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Genetics and Molecular Biology

Print version ISSN 1415-4757On-line version ISSN 1678-4685

Genet. Mol. Biol. vol.31 no.3 São Paulo  2008 



Test-day milk yield as a selection criterion for dairy buffaloes (Bubalus bubalis Artiodactyla, Bovidae)



Humberto TonhatiI; Mário Fernando Cerón-MuñozII; João Ademir de OliveiraI; Lenira El FaroIII; André Luís Ferreira LimaI; Lucia Galvão de AlbuquerqueI

IFaculdade de Ciências Agrárias e Veterinárias, Universidade Estadual Paulista "Júlio de Mesquita Filho", Jaboticabal, SP, Brazil
IIUniversidad de Antioquia, Medellín, Colombia
IIIAgência Paulista de Tecnologia dos Agronegócios, Ribeirão Preto, SP, Brazil

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Due to the great demand for buffalo milk by-products the interest in technical-scientific information about this species is increasing. Our objective was to propose selection criteria for milk yield in buffaloes based on total milk yield, 305-day milk yield (M305), and test-day milk yield. A total of 3,888 lactations from 1,630 Murrah (Bubalus bubalis) cows recorded between 1987 and 2001, from 10 herds in the State of São Paulo, Brazil, were analyzed. Covariance components were obtained using the restricted maximum likelihood method applied to a bivariate animal model. Additive genetic and permanent environmental effects were considered as random, and contemporary group and lactation order as fixed effects. The heritability estimates were 0.22 for total milk yield and 0.19 for M305. For test-day yields, the heritability estimates ranged from 0.12 to 0.30, with the highest values being observed up to the third test month, followed by a decline until the end of lactation. The present results show that test-day milk yield, mainly during the first six months of lactation, could be adopted as a selection criterion to increase total milk yield.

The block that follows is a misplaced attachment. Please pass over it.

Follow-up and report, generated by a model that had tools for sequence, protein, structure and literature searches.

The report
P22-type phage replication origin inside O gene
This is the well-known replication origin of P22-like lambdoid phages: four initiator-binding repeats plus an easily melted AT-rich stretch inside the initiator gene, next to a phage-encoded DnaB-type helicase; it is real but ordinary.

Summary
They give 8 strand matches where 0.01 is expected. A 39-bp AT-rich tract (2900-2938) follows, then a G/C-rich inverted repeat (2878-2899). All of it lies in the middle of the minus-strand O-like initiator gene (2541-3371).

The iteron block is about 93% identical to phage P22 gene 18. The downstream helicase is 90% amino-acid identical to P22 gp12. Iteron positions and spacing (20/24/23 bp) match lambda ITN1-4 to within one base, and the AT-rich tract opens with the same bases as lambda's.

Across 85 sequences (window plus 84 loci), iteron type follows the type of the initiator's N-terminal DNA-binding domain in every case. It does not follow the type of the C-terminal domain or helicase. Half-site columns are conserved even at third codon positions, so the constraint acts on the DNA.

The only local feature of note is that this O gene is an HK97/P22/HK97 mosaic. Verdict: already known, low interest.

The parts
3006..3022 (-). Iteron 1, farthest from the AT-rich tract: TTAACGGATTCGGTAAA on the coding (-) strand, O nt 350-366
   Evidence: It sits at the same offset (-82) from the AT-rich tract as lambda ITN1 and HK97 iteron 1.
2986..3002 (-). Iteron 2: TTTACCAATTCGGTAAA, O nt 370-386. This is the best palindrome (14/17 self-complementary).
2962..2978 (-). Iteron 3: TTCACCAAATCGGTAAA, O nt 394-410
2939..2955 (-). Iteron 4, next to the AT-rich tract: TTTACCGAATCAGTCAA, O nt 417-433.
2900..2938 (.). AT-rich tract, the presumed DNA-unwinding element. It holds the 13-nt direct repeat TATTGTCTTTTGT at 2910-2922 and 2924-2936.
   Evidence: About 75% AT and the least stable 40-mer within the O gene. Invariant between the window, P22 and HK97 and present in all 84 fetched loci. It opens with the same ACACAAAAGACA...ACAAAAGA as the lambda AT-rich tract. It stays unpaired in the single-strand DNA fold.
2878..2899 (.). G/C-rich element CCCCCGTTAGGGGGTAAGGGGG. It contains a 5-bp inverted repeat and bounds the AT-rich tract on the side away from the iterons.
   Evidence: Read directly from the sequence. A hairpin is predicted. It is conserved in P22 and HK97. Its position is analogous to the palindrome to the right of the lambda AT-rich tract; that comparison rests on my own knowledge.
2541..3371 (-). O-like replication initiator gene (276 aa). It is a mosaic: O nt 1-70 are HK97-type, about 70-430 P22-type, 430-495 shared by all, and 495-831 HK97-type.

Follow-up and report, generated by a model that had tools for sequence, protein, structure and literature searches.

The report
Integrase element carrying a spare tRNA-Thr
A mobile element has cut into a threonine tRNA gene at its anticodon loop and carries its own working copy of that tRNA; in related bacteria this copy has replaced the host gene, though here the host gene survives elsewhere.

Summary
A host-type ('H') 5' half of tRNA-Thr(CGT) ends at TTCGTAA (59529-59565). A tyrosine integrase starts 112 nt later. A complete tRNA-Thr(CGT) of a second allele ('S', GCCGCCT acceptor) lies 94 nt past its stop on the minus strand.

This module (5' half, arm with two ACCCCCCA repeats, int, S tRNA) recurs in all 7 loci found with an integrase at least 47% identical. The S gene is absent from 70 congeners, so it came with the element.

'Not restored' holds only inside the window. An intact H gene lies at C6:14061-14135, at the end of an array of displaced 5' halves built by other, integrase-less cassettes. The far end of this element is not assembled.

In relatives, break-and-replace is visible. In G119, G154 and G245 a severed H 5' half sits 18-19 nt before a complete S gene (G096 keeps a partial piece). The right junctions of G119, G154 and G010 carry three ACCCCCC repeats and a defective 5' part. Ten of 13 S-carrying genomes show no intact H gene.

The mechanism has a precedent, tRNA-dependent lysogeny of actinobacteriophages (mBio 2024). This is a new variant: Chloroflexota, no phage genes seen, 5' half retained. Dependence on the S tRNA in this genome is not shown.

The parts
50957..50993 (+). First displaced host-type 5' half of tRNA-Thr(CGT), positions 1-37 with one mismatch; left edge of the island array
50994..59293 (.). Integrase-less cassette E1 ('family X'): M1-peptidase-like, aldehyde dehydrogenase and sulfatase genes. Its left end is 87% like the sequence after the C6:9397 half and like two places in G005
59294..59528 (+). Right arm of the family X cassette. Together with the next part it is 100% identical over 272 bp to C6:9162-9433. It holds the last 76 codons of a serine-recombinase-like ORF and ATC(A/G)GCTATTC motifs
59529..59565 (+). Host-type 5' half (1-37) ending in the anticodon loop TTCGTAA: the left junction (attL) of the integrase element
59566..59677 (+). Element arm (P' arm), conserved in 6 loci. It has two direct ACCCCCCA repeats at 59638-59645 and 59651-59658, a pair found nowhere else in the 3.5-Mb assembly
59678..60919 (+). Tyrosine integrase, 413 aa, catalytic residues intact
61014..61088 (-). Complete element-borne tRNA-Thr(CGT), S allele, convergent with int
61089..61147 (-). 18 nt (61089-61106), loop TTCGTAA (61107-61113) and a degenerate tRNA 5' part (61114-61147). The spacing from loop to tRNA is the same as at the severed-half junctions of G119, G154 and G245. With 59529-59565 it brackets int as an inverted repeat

Key words: genetic correlations, genetic parameters, heritability, selection efficiency.




Milk production in buffaloes (Bubalus bubalis Artiodactyla, Bovidae) is an economically important trait, accounting for more than 40% of the milk produced in Asia and sustaining a powerful dairy industry in Italy, with buffalo milk also being consumed on a smaller scale in many other countries.

Asian countries traditionally tend to express milk production based on yields at 305 days of lactation (Sane et al., 1972; Mourad and Mohamed, 1995), while in Italy, taking into account buffaloes mean lactation period, milk yield adjusted to 270 days of lactation is adopted as a selection criterion (Rosati and Van Vleck, 2002) as recommended by the International Committee of Animal Recording (ICAR, 2008). In dairy cattle, 305 days cumulative milk yields or yields at partial periods of lactation have been considered for genetic evaluation. For the calculation of these yields, milk production is generally monitored at average intervals of 30 days and the production of one cow on each test day is called test-day (TD) milk yield. Cumulative yields for different lactation periods are calculated using estimated extension or adjustment factors, with accuracy of cumulative yield depending on the quality and quantity of the available test-day records (Tonhati et al., 2004; ICAR, 2008).